In The Jeremy Lin Problem, David Brooks argued that an underlying problem exists for religious professional athletes. He wrote, “the moral ethos of sport is in tension with the moral ethos of faith,” making the false assumption that only non-religious people can play sports because they don’t have moral decision-making dilemmas. He also states that the primary virtue of an athlete is courage and that a person of faith can’t “seek to win,” “beat his opponents,” “avoid the oblivion that goes with defeat” or “set a goal and climb towards greatness” because they must “surrender to God.” There are many false premises Brooks makes but perhaps the most glaring is his misunderstanding of the Christian faith.
Like the famous NFL quarterback Tim Tebow, Lin is an evangelical Christian who often mentions his faith when interviewed.
Brooks and many others fail to understand that the primary purpose of being a Christian is to glorify God in all that one does and to enjoy God forever. Glorifying God means esteeming, adoring, loving, and dedicating one’s self to Him, despite the outcome.
For a Christian, one’s primary virtue is faith in Christ, which fosters humility in knowing that God is in control of all of life. Christians do of course worry (after all, they are human), but ultimately, they pray for guidance and for God to do for them that which they cannot do for themselves.
For Lin, Tebow and other Christian athletes, winning is not about pride or ego; it’s about glorifying God.
In the movie “Chariots of Fire,” based on a true story, Eric Little, the famous Scottish early 20th century Olympian runner said: “I believe that God made me for a purpose. But he also made me fast. When I run, I feel his pleasure.” Feeling God’s pleasure, for Little was better than winning.
Athleticism is not mutually exclusive from one’s faith. God’s glory is revealed in all of a Christian’s life — in their effort, attitude and ability to let go of the results. This is why Lin recently said in a Sports Illustrated interview about his success, “I’ve surrendered that [success] to God. I’m not in a battle with what everybody else thinks anymore.”
Part of the problem with Brooks’ analysis is that he creates a false dichotomy between winning and losing and having faith in God. The great truth about man’s ultimate purpose — that of glorifying God — is that there is much more to a sport than just winning or losing. Brooks assumes that winning and losing is all that there is. One of the freedoms a Christian has is the ability to compete without holding on to the outcome of winning or losing — because when one loves God, the joy of knowing God overcomes any fear or false fear that often accompanies an athlete.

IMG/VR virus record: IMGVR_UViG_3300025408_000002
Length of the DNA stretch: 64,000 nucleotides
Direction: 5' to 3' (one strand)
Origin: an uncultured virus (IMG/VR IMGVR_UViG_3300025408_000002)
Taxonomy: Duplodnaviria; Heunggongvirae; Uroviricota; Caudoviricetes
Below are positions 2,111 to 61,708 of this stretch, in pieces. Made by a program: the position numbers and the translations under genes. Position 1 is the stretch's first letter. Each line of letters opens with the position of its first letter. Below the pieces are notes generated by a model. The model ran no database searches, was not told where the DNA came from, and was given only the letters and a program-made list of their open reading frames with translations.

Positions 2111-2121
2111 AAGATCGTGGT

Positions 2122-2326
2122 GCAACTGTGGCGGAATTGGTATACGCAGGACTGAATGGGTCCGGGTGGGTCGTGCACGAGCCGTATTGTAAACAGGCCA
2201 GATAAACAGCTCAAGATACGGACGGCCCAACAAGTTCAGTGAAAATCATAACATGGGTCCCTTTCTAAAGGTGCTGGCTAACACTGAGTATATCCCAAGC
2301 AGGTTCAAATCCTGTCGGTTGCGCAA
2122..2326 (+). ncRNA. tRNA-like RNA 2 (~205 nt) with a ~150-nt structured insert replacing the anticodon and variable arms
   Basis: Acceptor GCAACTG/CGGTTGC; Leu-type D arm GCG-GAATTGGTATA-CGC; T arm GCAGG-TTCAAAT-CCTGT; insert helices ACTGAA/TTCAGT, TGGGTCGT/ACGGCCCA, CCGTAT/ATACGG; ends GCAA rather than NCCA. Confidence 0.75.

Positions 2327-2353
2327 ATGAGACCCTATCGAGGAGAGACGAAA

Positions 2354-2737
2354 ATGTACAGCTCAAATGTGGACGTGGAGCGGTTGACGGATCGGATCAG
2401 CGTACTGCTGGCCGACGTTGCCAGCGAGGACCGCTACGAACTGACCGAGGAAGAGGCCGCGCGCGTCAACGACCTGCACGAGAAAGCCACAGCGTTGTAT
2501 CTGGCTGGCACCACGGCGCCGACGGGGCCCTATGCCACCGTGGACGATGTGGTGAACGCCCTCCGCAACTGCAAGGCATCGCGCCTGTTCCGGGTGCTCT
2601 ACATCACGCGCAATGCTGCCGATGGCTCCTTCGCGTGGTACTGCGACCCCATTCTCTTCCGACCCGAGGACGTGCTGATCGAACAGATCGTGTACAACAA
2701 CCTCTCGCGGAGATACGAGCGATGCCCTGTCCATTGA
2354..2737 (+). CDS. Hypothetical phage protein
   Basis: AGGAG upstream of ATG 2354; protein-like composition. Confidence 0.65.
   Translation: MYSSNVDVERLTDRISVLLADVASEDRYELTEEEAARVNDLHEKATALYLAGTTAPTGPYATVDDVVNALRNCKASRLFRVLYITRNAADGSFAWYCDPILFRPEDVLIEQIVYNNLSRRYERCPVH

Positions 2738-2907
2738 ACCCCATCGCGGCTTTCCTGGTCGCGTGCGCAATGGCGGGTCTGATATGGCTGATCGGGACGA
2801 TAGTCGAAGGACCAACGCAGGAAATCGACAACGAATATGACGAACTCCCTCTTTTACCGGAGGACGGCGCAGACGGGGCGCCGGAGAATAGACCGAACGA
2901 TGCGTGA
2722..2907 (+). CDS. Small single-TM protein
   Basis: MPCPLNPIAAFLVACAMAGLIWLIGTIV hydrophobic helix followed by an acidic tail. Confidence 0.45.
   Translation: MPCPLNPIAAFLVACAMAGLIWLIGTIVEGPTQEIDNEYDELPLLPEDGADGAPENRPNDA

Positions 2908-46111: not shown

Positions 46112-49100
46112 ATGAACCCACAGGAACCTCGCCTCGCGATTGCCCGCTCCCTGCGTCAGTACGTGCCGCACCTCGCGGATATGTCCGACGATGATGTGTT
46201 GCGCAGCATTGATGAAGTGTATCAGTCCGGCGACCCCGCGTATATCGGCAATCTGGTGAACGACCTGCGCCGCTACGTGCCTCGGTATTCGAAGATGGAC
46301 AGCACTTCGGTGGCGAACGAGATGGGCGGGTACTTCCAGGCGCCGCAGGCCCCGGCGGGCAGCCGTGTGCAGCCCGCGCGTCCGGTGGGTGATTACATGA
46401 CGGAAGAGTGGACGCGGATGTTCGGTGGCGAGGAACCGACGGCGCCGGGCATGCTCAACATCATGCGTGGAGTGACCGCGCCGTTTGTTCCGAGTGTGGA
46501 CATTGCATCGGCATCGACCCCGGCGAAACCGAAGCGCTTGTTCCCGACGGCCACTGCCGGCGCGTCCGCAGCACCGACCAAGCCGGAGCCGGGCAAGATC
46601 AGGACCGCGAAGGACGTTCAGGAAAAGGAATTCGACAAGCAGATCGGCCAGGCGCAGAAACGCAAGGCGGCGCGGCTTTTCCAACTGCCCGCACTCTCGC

This is why Tebow says in Through My Eyes:
You and I were created by God to be so much more than normal. … Following the crowd is not a winning approach to life. In the end it’s a loser’s game, because we never become who God created us to be by trying to be like everybody else.”
It is difficult to support the blatant generalization Brooks makes that “morality and sports are irreconcilable” because it is possible for an athlete to do the morally right thing and compete at the same time. Yet, his argument is fatally flawed when it comes to faith because he equates faith and morality, which are two different things. Faith in God goes beyond seeking to do that which is right or good. This is why it is possible for faith to reconcile with all areas of life because God is the author of both faith and life.
Lin, Tebow and other Christians’ achievements are possible because they know that God is the author of their talent, faith and inspiration, and they desire to feel God’s pleasure in what they do.
April 3, 2012